Dürfen Hunde Knoblauch essen und welche Wirkung hat Knoblauch auf Hunde? Ist Knoblauch giftig für Hunde und wenn ja, ab wie viel?

Can dogs eat garlic? We have the answer

Can dogs eat garlic? We have the answer

For centuries people have known that garlic has medicinal value. So it stands to reason that garlic is good for dogs too, but can dogs really eat garlic? Its safety depends on many factors.

In general, garlic is not safe for your dog. But let's find out why this is - and whether it's okay for your dog.

Garlic and its effects on dogs

Both sides of the garlic story

Some people will tell you that garlic is an excellent way to repel fleas and ticks. That may be true - it changes the smell of your dog's skin so fleas avoid it. But the studies are inconclusive on this point. Some dog parents say it works while others say it doesn't. Ultimately, you have to decide whether the benefits of using garlic outweigh the risks.

From a holistic perspective, the medicinal benefits of garlic for dogs are the same as for us humans. Garlic lowers cholesterol - which is good for overweight dogs - reduces inflammation, lowers blood pressure and boosts the immune system. However, the benefits depend entirely on the type of garlic and the dosage. Be sure to talk to your veterinarian before giving your dog garlic.

The traditional veterinary attitude towards garlic

One study examined the occurrence of hemolytic anemia in dogs given garlic extract. This study is controversial because only four dogs provided the data. Still, she concluded that garlic causes harmful changes in dogs' blood cells and that garlic is not safe for them.

Veterinarians and poison control organizations agree that garlic is not safe for dogs. The risks outweigh the benefits, so garlic or any other plant in the allium family is toxic enough to harm your dog or cat. (Cats are 6 times more likely to suffer from garlic poisoning than dogs!)

Let's look at why.

Garlic, or Allium Sativum

Garlic is a root vegetable from the Allium family. Onions, leeks and chives also belong to this family. They all contain an organic compound called n-propyl disulfide, which causes oxidative damage to red blood cells and leads to hemolytic anemia. Garlic contains 5-10 times more of this compound than onions, leeks, chives or shallots.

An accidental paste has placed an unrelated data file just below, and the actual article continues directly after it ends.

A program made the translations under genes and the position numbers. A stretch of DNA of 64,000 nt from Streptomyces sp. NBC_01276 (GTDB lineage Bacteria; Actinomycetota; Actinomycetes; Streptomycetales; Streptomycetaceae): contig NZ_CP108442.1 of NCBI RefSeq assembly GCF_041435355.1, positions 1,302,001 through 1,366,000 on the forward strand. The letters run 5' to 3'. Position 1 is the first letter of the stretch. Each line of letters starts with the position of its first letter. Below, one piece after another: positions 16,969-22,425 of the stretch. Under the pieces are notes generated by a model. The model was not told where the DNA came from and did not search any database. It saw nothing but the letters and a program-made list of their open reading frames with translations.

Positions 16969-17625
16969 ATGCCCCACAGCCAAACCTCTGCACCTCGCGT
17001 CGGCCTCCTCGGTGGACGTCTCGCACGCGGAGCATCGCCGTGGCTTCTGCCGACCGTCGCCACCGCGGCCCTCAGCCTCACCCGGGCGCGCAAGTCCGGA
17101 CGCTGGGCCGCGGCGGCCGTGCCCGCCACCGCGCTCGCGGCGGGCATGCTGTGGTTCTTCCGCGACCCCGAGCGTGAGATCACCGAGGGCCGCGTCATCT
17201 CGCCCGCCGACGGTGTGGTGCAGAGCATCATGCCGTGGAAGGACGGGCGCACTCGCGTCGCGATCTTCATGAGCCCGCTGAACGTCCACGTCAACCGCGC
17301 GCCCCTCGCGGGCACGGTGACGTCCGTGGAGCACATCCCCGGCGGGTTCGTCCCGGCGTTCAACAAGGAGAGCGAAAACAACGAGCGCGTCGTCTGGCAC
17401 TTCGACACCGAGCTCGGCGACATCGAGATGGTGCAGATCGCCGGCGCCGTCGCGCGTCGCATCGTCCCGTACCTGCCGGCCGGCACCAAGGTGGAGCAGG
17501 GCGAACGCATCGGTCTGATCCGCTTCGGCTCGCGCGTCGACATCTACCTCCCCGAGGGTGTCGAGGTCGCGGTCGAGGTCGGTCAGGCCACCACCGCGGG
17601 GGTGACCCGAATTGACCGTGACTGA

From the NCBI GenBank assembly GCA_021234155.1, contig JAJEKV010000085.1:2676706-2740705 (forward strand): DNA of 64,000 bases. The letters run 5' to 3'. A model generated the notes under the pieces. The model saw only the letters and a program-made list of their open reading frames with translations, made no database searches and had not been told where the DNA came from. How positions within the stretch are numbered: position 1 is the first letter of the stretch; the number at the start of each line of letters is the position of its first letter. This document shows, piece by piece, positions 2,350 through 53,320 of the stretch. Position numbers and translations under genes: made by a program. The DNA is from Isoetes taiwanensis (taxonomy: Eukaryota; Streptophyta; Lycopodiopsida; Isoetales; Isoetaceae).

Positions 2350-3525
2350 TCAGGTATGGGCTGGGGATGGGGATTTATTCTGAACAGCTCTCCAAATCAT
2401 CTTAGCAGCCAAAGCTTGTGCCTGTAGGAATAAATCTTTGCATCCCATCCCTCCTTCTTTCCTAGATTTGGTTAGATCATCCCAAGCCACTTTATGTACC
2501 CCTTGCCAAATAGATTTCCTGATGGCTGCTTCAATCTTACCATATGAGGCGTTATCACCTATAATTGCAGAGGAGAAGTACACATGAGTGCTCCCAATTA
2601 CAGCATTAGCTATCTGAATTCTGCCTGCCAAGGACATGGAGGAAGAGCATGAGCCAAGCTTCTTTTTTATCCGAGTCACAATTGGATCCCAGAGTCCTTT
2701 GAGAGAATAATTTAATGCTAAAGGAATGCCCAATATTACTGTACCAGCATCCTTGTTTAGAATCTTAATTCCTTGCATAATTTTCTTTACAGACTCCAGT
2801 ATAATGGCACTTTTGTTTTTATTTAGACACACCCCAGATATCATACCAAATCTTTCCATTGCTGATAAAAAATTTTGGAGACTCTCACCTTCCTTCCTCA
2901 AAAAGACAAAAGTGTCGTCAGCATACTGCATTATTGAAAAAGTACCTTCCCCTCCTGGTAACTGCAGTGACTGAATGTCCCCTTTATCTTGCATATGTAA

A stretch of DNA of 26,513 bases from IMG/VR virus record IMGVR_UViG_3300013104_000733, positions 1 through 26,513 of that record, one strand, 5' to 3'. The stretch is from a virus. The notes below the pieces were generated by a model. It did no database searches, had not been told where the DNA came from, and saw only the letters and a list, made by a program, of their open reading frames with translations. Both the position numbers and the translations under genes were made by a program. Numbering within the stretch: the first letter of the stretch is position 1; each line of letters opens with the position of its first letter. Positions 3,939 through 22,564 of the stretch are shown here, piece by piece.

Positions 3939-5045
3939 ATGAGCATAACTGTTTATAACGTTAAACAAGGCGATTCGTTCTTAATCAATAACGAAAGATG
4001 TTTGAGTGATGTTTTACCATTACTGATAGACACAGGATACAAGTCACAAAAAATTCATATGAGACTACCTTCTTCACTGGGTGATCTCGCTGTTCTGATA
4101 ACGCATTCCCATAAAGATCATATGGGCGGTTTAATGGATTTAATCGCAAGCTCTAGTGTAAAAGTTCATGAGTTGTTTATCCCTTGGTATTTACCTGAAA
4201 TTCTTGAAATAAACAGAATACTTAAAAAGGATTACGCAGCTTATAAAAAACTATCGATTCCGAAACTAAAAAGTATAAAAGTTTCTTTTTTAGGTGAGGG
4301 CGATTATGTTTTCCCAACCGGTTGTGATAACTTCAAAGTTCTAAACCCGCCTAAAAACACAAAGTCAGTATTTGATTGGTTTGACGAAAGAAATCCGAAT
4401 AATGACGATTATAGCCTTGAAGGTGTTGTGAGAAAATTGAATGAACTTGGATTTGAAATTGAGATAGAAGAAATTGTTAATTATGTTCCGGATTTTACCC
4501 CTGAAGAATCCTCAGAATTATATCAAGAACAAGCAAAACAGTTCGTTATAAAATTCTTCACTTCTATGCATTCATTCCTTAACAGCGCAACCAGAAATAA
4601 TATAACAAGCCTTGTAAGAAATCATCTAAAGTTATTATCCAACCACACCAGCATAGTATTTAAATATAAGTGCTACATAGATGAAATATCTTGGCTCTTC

We find this toxic compound in all parts of the Allium plants. Unfortunately, dogs (and cats) don't have the digestive enzymes to process them. Most of the time, undigested food components are excreted in the feces, but not thiosulphates. They stay in your dog's body and can even lodge there.

Thiosulfates attach to your dog's red blood cells, which carry oxygen throughout the body. When this happens, the red blood cells become damaged and form clumps called Heinz cells. The body mistakes the damaged cells for invaders and destroys them faster than your dog's body can produce new ones. We call this hemolysis, or the destruction of red blood cells.

Once this begins and remains uncontrolled, your dog will develop hemolytic anemia. Not enough oxygen is transported throughout the body to keep it functioning. Symptoms of anemia can appear quickly, but most often the first symptoms do not appear until a few days after consuming a toxic amount of garlic. Leftover food is the most common cause of garlic poisoning.

Signs of hemolytic anemia include:

  • lethargy
  • Abdominal pain
  • Decreased endurance or even fainting after or during exercise
  • Loss of appetite
  • Pale gums and drooling
  • Increased heart or breathing rate (rapid breathing)
  • Vomit
  • Diarrhea
  • Loss of coordination (ataxia)
  • Discolored urine

A dog suffering from these symptoms needs immediate medical attention to avoid kidney failure or death. Although it is rare for dogs to die from eating garlic, Japanese breeds such as Shiba Inu, Pomeranian, Chin and Akita appear to be more susceptible to garlic poisoning. Here you can find out more about the plants in the Allium family.

How much garlic is safe for my dog?

All dogs eat human foods that they shouldn't eat, and garlic is on the list. While there is controversy, everyone agrees that the toxicity of garlic depends on the type and amount consumed. It also depends on the size and breed of the dog.

If you lean more towards a holistic view, you might consider daily amounts of raw garlic to be safe for your dog. These amounts of garlic provide:

  • Preventive health benefits.
  • They strengthen the immune system.
  • They improve heart function.
  • They protect against fleas and ticks.
  • Reducing inflammation

    Traditional veterinary medicine suggests that 15-30 grams of garlic per kg of body weight can trigger a harmful chain of events in your dog's body. A clove of garlic weighs about 3-7 grams, which is a large amount of garlic.